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Where to Experience Indigenous Tourism in Canada

Where to Experience Indigenous Tourism in Canada

Indigenous people have lived in what is now Canada since time immemorial, so no trip to Canada is complete without experiencing Indigenous culture. I asked fellow travel writers to recommend their favourite places to experience Indigenous tourism in Canada.

In this post, you’ll find personal recommendations for 10 Indigenous tourism activities from tours to museums to historical sites and more. Each one is Indigenous-run and will deepen your understanding of Indigenous culture.

This is a sensitive wilderness area. Learn how to Leave No Trace to keep the wilderness wild. Make sure you are prepared by bringing the 10 Essentials. Get ready for adventure with this checklist of things to do before every hike.

Hey there: Some of the links in this post are affiliate links, which means I earn a small commission at no cost to you. Thanks for your support. -Taryn

Quick Facts About Indigenous People in Canada

Here’s a quick run-down of the Indigenous context in Canada and North America. This is a HUGE topic that could fill many books, so it’s hard to distill it down to a few bullet points… but I tried. Like many settler Canadians, I’m working on learning more about Indigenous people to contribute to reconciliation, but I still have a long way to go.

  • Indigenous people have lived in what is now Canada for 10,000 to 20,000 years. But in Indigenous oral history, that amount of time is basically forever, so it is common to say that Indigenous people have been here since time immemorial. As well, the creation stories of many Indigenous Nations place their origins in what is now Canada, so to suggest otherwise may be viewed as impolite.
  • There are about 1.8 million Indigenous people in Canada. They make up about 5% of the total population. After European contact, the Indigenous population declined sharply due to disease, war, and genocidal government policies like residential schools. But today, Indigenous people are the fastest-growing population in Canada.
  • “Indigenous” is a word that encompasses three main groups: First Nations, Metis, and Inuit. Previously, the word “aboriginal” was used instead of Indigenous, “Eskimo” was used instead of Inuit, and “Indian” or “Native” was used instead of First Nations. Today, all of these words are no longer commonly used and some Indigenous people may find some or all of them offensive. However, some Indigenous people may still embrace and identify with some of these words.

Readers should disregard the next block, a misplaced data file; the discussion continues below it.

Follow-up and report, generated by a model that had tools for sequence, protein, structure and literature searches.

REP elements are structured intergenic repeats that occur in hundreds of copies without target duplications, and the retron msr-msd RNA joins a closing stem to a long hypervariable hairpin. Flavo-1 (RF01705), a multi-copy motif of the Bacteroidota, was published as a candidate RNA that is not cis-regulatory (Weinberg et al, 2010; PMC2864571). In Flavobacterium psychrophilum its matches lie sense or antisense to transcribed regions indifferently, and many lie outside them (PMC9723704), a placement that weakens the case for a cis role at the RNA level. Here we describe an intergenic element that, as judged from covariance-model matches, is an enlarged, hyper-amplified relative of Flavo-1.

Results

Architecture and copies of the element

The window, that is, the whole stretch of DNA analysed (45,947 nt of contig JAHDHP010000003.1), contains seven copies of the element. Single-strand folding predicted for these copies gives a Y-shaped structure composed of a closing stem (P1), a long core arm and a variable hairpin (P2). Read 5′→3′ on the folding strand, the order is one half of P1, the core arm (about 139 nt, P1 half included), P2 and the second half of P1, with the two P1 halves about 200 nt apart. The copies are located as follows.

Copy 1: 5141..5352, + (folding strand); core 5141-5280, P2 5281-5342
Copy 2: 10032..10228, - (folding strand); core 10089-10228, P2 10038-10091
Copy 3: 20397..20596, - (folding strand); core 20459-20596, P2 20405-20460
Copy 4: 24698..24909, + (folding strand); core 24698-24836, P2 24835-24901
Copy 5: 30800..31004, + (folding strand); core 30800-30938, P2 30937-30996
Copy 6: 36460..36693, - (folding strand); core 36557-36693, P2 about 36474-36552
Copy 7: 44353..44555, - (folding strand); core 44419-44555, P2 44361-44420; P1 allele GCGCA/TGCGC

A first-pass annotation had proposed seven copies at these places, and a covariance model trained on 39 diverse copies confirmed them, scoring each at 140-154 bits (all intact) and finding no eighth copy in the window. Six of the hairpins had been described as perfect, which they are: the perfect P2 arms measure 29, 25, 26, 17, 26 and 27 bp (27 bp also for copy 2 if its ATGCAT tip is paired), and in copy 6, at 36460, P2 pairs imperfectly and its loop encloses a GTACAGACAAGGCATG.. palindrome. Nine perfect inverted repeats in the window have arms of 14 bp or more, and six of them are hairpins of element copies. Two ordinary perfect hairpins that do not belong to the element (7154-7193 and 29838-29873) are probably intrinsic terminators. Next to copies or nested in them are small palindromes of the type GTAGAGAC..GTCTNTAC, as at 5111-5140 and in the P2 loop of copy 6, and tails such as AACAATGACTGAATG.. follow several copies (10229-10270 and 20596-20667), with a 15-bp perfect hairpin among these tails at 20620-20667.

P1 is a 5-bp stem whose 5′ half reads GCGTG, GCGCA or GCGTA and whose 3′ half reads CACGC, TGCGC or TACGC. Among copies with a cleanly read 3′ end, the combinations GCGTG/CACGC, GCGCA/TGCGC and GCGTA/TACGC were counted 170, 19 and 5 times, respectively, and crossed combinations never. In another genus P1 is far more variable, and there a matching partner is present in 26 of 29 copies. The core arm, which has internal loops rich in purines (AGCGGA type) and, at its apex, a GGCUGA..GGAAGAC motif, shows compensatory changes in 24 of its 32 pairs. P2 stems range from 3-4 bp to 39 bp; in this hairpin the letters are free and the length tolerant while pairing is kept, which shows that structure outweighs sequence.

• There are over 600 Indigenous groups across Canada, called Nations and they speak over 50 Indigenous languages. You can find the Nation and language of a place you are visiting using the interactive Native Land Digital Map. Due to historical (and contemporary) government policies, Indigenous people may live on Reserves or outside of reserves and they may be deeply connected to their culture or disconnected from their culture. There is no single way to be Indigenous in Canada. It varies from Nation to Nation and from person to person.
Shells outline the walking path at Kuuna
Shells outline the walking paths between the carved poles at K’uuna (Skedans) in Gwaii Haanas National Park. Photo: Taryn Eyton/Happiest Outdoors

Indigenous Tourism Tips

It is important to be respectful when you visit Indigenous land, especially in light of the terrible way that settlers have treated Indigenous people since our arrival. Here are a few tips to keep in mind:

  • Listen carefully and listen more than you talk. It is a privilege to hear Indigenous people’s stories and they choose which parts of their culture and history to share with you.
  • Stay on paths and in designated areas. Some areas are private and not open to visitors. Or they may be sacred for cultural practices. When in doubt, ask first.
  • Do not take photos without permission. In some places, photos are encouraged and many Indigenous people are happy to have their photo taken. But that isn’t always the case – cultural practices differ from Nation to Nation and even from person to person. Ask first.
  • Spend your money at Indigenous businesses. Stay at Indigenous-run hotels, eat at Indigenous-run restaurants, buy souvenirs from Indigenous gift shops, and book Indigenous tours.
  • Do your research and avoid tourism businesses that profit off Indigenous culture or art without giving back to Indigenous people. Unfortunately, Canada has lots of museums full of stolen Indigenous cultural artifacts and lots of gift shops full of knock-off Indigenous art made overseas.
  • If you can, learn a few words in the Indigenous language of the people you are visiting. If you were in France, you would say “merci” so you can learn to say “kleco kleco” in Nuu-chah-nulth territory on Vancouver Island or “hawa” in Haida Gwaii.

Wikwemikong, Manitoulin Island, Ontario

Known as the only federally recognized unceded territory in what is now Canada, Wikwemikong on Manitoulin Island is the perfect spot to learn about the true history of these lands. While they offer several experiences, I recommend beginning with the Unceded Journey guided tour. 

Local guides from Wikwemikong will take you to important destinations on the territory. As you learn about Odawa Mnis (the original name for Manitoulin Island), it will quickly become clear its importance to those of the Three Fires Confederacy (Ojibwe, Odawa and Potawatomi). Visit locations such as the Two O’Clock Lookout and the Holy Cross Church as your guide shares key historical events and impactful treaties that have shaped Wikwemikong and the surrounding area.